Rating: 4.5 stars
Buy Link:
Amazon | iBooks | Amazon UK
Length: Novel

 

It isn’t often Harry has a beautiful man in his bed. Asleep, upstairs, while Henry keeps watch by the fire. The young man had staggered in from the woods, begging and desperate for help, and Harry couldn’t bring himself to turn him away. Even if he is a witch.

It’s been years since the war ended, but the Blue Crows still fly. Witch hunters track down anyone with magical ability and give them two choices: serve the empire or die. Most choose to serve. They’re branded, clothed, fed, and taught to use their magic in defense of the country at Emperor Aralias’ command. But with the war over and won, the Blue Crows have become more of a mercenary gang, using the witches they command to threaten, harass, or bully people into whatever whim Tariq, their leader, has that day.

Witches don’t escape the Blue Crows. Witches don’t escape Tariq.

But somehow, this young man, with the golden hair and blue eyes, did. And Tariq wants him back. Harry knows he should let Kit go before the young witch brings the wrath of the Crows down on both of their heads, before people get hurt. He knows he should be rid of him as soon as he can. But loneliness, compassion, and the chance of friendship are hard to resist. Almost as hard as Kit, himself. They are both drowning in darkness, they are both looking for some hope of shore in an endless night. And maybe, between the two of them, they stand a chance of finding it.

Kit is lovely, clever, and cruel. He knows how to use words to hurt, and knows how to use his smile to seduce. But he’s hurt and hurting. He’s lonely and scared, and Harry, a woodcutter and healer who lives deep in the woods, offers Kit something he hasn’t had in forever. He offers healing, and food, and a bed all for nothing. He makes no coarse demands, doesn’t threaten or bluster, doesn’t even seem to care about who Kit is or where he’s been or what he’s done. Instead, Harry offers Kit medicinal salves when his brand becomes infected. He offers a shoulder to lean on when Kit can’t walk and calm, quiet silences that leave Kit feeling something almost like contentment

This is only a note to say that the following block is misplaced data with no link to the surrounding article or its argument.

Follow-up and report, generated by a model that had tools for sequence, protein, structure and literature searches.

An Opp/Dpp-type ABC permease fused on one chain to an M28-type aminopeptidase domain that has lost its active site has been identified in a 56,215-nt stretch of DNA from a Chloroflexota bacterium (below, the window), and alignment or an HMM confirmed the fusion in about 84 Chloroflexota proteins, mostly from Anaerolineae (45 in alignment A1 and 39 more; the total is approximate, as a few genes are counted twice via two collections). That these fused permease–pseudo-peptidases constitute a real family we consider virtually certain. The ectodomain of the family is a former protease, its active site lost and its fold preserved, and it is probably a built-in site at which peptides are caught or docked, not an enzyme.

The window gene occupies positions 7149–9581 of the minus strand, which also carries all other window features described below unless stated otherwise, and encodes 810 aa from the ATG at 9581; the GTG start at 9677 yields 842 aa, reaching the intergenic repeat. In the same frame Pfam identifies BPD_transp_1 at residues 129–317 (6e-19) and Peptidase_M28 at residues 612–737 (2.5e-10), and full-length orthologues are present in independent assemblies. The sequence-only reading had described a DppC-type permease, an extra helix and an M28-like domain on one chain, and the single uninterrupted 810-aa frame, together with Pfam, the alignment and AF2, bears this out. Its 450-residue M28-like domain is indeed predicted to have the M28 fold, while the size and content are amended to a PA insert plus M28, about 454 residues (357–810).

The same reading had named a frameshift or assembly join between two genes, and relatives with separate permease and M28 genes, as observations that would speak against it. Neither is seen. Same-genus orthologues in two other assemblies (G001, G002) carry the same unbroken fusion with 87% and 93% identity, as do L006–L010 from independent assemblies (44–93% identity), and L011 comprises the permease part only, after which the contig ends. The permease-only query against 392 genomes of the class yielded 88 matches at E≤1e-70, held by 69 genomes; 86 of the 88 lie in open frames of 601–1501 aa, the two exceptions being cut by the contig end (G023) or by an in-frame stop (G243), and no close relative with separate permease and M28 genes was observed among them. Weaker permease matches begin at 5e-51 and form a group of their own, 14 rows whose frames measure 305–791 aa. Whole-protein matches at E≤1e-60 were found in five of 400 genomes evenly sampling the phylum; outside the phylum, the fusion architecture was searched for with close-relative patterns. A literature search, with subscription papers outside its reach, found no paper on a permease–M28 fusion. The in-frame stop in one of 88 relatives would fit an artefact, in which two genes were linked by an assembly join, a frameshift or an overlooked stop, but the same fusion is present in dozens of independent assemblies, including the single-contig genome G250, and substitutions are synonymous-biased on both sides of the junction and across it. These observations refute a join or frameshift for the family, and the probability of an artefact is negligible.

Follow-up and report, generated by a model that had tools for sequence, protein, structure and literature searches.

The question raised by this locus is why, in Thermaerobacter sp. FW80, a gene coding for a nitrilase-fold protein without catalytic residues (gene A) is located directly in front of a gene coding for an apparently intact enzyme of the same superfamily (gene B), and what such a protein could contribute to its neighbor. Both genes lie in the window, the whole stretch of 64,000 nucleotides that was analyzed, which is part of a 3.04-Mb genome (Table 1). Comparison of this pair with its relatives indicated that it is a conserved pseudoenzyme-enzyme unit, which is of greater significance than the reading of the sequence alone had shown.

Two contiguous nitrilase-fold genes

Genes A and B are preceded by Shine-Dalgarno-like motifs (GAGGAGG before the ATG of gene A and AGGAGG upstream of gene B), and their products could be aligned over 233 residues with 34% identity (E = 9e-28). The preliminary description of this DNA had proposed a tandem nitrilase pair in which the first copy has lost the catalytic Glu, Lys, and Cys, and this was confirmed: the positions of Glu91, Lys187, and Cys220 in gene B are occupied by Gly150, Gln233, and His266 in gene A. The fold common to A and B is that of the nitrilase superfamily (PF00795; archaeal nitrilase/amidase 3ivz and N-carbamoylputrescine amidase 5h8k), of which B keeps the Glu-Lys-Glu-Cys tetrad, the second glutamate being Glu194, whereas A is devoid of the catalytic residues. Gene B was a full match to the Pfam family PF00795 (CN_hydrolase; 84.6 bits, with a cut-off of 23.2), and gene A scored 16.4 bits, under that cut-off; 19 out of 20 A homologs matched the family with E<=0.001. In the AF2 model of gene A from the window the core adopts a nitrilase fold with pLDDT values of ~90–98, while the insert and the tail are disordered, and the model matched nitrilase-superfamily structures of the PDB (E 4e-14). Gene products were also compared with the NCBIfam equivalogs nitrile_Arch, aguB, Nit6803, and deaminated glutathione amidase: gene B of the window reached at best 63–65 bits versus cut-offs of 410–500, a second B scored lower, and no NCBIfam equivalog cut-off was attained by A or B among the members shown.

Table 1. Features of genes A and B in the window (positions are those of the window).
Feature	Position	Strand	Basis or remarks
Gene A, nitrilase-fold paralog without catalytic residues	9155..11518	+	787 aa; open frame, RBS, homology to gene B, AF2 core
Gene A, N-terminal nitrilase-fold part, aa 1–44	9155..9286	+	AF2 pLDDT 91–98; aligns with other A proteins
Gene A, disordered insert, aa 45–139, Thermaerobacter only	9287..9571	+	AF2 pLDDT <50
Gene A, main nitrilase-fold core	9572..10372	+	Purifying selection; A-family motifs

Harry was a medic in the war. He’s seen first hand the damage one man can do to another with a sword or a knife or a gun, and he knows — bone deep — the guilt of a man who survives where others don’t. The guilt of a man who has done things, terrible things, things there are no words for. While Kit is moderately curious, he’s mostly interested in the here-and-now, in the Harry who stands before him, not the man Harry used to be. He makes Harry smile and laugh. Yes, Kit reminds Harry of the dark parts of his past, but he also reminds him that there is joy to be had in life. The joy of a hand in yours, of a kiss, of a lover’s touch. Kit sees him at his darkest and isn’t afraid.

The men see each other for the monsters and the broken men they are. Neither of them are good men, but where Harry thinks his actions are unforgivable, Kit believes that, while they can neither of them undo the past, they still have tomorrow.

“Surely you have done enough to earn absolution?”

“I don’t know.”

“Then you have to keep going, you have to live on and continue your work, keep saving lives until you’ve done enough. I’ll help you.”

I really enjoyed this book. The characters are heavily shaded in swaths of gray (especially Kit) who accept themselves fully. There’s no dithering or whining — though there is a fair bit of wallowing. When push comes to shove, both Harry and Kit do what they have to, accepting who and what they are. I love the “retired killer comes out of retirement” trope, and this book does it well. There’s nuance to Kit and Harry and depth to their story. The world building is never explained; instead, there are hints of complex politics and a horrible and exploitative system of magic.

As much as I liked this book, it will not be for everyone. There are violent and graphic depictions of violence and gore. The villain of this book is a pedophile who bought Kit while he was a child, groomed him, and sexually assaulted him, as well as allowed other adults to do the same. These are mostly brief mentions and never shown, but some readers may be made uncomfortable reading about such situations. However, at the time of the book, Kit has escaped Tariq and been free of him for ten years, and this book does have a happy ending.

A handful of copy errors were present in the version I was given, such as syphon instead of siphon. Small things, but noticeable. Other than that, the writing is strong, the pacing is fast, and the plot is focused and grounded. My only regret is that there’s not a sequel on the way.

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